Golf Club Distances – How Far? [WITH DISTANCE TABLE]

Golf rules dictate that you may only carry a maximum of 14 clubs for a round of golf. You will normally have a driver, a fairway wood or two, possibly a few hybrids, your irons, wedges, and a putter. What this means is that you have to understand each club in your arsenal and know the distance they can deliver.

The distance a golfer hits the various clubs will differ from player to player. The quality, weighting, loft, and other club factors will also play an important part.

One has to become intimate with each club and understand their potential and effectiveness based on your style and swing. This will take some time and effort. Other factors such as the ball used, the course condition and the weather, particularly the dreaded wind, will also have an impact on distance.

The first step is to understand the basics of each club’s potential and then apply that knowledge to your own strength, style, and swing speed as well as the clubs you use.

This video will give you some insight into the value of understanding your average distance for each club in your bag.

On average, men hit further than women so we do make a distinction. There are obviously exceptions and men are often outdriven by skilled lady golfers.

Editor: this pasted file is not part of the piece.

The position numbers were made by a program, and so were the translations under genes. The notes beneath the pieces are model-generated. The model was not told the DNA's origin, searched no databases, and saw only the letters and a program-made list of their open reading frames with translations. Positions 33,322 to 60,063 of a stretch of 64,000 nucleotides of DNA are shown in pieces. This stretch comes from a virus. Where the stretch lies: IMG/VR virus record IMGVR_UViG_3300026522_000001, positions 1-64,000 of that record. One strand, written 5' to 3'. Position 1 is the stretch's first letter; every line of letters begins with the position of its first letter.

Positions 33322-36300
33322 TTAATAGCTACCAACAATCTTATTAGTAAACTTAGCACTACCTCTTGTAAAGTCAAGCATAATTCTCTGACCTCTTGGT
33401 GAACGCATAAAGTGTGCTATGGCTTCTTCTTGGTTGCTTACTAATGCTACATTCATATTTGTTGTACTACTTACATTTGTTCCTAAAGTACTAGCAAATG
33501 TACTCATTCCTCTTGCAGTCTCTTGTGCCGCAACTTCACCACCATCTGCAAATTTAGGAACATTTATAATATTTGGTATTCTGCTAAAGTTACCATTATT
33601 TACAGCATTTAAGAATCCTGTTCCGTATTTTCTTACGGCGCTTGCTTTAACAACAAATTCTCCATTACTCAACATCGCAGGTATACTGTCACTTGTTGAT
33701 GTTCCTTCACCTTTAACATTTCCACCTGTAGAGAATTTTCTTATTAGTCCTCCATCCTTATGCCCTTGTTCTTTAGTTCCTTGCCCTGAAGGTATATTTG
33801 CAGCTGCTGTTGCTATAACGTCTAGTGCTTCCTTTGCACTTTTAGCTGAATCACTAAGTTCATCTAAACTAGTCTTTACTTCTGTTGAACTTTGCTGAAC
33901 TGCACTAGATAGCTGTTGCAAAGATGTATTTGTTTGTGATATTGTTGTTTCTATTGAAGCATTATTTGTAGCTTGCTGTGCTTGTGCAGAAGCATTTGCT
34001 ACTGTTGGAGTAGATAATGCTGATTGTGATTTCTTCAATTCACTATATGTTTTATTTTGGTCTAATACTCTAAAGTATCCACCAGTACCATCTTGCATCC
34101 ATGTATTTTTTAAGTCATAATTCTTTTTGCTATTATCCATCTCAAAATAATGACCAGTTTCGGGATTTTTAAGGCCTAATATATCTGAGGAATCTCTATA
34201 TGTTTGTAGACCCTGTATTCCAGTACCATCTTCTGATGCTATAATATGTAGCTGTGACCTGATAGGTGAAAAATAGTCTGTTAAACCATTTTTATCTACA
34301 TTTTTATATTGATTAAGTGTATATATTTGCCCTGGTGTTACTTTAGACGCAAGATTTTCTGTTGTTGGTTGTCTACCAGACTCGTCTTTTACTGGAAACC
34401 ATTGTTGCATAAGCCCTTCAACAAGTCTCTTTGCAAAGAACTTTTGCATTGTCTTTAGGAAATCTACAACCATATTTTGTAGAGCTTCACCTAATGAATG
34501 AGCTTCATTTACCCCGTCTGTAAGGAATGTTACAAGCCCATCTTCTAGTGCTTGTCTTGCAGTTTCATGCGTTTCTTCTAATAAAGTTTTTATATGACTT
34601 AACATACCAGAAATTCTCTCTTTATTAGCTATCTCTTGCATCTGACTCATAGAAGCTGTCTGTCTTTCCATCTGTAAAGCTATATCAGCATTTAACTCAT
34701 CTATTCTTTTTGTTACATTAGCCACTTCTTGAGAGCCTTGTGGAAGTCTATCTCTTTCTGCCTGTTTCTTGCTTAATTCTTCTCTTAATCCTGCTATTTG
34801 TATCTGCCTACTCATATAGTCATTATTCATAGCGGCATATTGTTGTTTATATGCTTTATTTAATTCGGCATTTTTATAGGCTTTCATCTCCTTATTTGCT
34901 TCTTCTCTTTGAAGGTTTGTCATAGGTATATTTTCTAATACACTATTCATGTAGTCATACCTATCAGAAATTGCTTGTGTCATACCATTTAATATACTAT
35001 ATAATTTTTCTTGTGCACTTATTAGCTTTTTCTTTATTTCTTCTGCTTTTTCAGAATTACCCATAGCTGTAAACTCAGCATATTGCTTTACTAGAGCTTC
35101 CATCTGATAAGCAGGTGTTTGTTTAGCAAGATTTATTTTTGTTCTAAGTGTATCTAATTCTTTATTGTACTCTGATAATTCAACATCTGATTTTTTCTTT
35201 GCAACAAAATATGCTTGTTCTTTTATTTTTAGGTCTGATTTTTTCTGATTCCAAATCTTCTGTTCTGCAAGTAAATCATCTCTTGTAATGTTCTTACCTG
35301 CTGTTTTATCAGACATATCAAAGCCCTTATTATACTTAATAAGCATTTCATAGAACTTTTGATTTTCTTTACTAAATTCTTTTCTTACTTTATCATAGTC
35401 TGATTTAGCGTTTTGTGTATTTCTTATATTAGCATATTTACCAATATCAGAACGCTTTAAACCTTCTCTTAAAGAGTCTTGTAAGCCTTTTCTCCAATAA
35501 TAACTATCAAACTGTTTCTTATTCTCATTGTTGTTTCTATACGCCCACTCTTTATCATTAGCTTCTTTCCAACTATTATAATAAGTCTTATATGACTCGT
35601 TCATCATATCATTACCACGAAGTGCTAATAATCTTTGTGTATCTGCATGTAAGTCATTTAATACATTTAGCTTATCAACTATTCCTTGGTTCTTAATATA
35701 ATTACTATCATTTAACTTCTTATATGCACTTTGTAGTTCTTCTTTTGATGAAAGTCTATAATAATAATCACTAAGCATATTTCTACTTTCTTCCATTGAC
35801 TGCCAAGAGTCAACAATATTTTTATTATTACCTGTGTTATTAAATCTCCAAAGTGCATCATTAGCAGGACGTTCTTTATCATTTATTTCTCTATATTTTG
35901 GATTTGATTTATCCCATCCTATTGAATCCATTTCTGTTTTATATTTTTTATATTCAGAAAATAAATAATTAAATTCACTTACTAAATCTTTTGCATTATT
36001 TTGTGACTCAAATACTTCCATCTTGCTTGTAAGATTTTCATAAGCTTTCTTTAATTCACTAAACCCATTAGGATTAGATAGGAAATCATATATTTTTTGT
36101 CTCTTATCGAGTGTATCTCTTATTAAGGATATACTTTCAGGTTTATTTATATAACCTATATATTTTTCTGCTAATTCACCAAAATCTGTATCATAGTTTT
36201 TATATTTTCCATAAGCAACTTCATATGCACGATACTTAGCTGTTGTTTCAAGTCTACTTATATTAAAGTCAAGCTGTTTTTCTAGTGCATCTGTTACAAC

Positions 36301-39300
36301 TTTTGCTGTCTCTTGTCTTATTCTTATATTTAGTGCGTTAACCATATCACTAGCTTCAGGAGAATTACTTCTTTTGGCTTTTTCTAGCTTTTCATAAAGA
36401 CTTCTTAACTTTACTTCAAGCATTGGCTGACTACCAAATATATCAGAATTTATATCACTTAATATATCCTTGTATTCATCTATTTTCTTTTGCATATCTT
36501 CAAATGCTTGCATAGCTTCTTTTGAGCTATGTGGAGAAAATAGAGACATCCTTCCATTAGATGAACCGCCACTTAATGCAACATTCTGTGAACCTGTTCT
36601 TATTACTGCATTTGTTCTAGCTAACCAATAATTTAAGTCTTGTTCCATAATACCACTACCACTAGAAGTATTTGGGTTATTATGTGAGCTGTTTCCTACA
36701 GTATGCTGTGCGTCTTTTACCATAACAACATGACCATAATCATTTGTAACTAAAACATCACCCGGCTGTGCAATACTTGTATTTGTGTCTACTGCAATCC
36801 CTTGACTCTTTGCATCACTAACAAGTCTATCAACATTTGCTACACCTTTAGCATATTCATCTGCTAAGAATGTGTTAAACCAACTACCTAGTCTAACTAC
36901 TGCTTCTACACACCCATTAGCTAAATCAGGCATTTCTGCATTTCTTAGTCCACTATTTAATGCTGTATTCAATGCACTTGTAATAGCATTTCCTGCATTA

The averages vary according to which report or study you look at but this is the approximate average for each club. It is important to note that these average distances relate to golfers with some experience so beginners are not likely to achieve these averages.

Golf Club Distances Table

CLUB MEN'S AVERAGE DISTANCE WOMEN'S AVERAGE DISTANCE
Driver230 yards200 yards
3-wood210 yards180 yards
5-wood195 yards160 yards
2-iron190 yards170 yards
3-iron180 yards160 yards
4-iron170 yards150 yards
5-iron160 yards140 yards
6-iron150 yards130 yards
7-iron140 yards120 yards
8-iron130 yards110 yards
9-iron120 yards100 yards
Pitching wedge110 yards90 yards
Sand wedge90 yards80 yards
Lob wedge65 yards60 yards

Putters have obviously been excluded as they are not used for distance.

These days, very few golfers, including many of the pros, do not use the longer irons. Many use a hybrid in place of the 2, 3 and 4 irons. The average distance should be similar but you should have more confidence at address, greater consistency, and better accuracy.